On a sweltering hot day in August 1982, in an apartment in the heart of the Albaicín, the Moorish quarter of Granada, with my mum looking up at the Alhambra with ice cubes in her mouth – as she tells me every year on the same date – I was born.
What were my parents doing there? This wasn’t the classic scenario of A Year in Provence: they didn’t have inheritances to live off, and there was little work even for locals, let alone foreigners who didn’t speak the language and hadn’t the first clue about olive farming. They were recent converts to Islam, members of a nascent Sufi group that was gaining followers there. They arrived penniless, lived on a wing and a prayer, and left penniless a year and a half later.
So I grew up in various parts of the English countryside, largely detached from Muslim groups – we sometimes travelled hours to go to dhikr gatherings – in the shadow of my family’s previous Sufi adventures. From holidays in Spain, Granada acquired a kind of mythos for us: achingly blue skies, the smell of paella cooking over burning almond kernels, tiny apricots so flavourful they put peach melba sweets to shame, wild swimming in abandoned reservoirs full of fish and water snakes. This was an ancient landscape where the echoes of the Moors mingled with the harsh cries of goatherds, and the magnificent palaces of another era stood almost side by side with the concrete condos of the Costa del Sol.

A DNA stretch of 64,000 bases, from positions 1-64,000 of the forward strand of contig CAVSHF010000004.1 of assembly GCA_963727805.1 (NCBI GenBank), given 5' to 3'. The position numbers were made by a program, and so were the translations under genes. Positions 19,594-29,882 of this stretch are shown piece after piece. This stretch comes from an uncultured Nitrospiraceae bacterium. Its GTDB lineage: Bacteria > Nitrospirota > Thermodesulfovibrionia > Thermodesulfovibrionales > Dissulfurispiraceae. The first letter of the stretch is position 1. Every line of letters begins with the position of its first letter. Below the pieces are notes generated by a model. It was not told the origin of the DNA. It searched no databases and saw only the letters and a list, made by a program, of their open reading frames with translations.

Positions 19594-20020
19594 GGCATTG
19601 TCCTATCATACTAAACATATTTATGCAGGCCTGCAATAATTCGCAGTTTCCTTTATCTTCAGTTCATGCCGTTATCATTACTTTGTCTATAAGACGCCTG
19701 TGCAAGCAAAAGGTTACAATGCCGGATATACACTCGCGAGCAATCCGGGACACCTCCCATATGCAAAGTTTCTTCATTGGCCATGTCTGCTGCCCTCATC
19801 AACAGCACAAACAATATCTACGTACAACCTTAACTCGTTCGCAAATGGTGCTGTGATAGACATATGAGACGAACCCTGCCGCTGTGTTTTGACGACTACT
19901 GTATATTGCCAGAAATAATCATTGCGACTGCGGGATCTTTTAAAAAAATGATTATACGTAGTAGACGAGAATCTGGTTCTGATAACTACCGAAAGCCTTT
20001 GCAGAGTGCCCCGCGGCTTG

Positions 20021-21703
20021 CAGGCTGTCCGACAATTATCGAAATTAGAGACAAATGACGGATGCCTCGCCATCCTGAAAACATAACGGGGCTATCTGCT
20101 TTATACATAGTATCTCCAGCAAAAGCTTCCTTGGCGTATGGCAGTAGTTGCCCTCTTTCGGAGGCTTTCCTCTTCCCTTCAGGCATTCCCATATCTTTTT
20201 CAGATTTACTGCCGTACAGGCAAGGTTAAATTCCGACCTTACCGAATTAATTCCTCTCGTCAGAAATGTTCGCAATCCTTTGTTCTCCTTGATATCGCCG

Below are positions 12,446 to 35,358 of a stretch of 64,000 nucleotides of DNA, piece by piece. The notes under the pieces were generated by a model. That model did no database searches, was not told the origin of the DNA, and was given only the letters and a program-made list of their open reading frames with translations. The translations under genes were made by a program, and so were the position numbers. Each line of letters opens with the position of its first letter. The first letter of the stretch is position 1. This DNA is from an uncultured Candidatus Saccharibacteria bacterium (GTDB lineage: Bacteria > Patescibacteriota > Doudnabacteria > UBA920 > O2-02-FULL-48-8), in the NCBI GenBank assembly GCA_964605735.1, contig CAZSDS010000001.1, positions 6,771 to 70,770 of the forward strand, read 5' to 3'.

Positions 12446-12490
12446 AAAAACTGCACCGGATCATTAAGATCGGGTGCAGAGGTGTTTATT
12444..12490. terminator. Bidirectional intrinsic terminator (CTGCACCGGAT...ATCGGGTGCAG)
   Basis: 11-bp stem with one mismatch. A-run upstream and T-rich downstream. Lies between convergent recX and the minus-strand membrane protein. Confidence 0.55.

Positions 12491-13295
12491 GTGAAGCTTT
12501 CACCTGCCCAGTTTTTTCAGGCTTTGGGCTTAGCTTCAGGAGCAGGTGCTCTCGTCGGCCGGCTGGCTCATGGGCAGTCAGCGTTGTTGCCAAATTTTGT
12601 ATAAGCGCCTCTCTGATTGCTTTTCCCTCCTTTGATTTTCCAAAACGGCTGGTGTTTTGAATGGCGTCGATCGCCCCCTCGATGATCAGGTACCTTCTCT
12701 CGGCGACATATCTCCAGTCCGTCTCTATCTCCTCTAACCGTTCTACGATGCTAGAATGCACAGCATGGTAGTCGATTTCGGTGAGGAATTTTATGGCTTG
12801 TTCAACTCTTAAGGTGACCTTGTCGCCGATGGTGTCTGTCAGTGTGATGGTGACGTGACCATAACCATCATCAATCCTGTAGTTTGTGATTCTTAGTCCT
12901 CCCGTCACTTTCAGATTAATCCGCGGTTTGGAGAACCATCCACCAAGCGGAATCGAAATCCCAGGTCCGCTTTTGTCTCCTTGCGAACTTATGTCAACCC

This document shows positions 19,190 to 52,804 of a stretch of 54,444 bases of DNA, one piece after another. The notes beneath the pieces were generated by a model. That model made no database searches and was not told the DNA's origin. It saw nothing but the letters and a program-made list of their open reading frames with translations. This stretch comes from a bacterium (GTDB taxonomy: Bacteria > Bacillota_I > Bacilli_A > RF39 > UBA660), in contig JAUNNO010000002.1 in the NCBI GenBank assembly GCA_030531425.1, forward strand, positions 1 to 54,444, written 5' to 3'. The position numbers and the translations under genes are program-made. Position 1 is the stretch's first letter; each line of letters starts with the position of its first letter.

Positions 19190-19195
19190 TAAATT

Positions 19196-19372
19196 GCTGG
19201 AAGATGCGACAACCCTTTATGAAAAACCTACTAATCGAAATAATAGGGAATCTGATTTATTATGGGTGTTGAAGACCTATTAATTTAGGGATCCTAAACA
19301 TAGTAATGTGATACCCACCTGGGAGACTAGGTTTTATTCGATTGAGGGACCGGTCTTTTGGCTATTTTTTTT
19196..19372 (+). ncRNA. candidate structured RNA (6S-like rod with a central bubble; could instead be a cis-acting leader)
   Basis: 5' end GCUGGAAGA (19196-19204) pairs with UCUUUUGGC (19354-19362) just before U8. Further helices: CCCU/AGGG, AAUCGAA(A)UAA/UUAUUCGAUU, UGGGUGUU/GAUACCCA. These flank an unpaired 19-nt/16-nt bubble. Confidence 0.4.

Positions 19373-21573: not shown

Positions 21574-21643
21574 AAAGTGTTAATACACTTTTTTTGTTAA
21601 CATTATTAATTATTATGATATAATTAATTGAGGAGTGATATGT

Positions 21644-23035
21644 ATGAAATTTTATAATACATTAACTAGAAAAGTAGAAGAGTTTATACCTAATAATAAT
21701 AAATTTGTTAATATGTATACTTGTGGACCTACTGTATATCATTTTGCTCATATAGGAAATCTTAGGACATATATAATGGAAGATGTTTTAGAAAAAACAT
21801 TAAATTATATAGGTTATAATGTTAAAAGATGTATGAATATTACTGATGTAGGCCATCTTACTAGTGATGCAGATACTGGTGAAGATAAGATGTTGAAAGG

After the advent of the internet allowed my dad to work remotely with much greater ease, my parents finally moved back to Spain from the UK in 2003, almost twenty years after their first attempt. Two expeditions, bridging (technically) two millennia: what were they in search of? Or, perhaps more to the point, what were they escaping? I interviewed them to find out.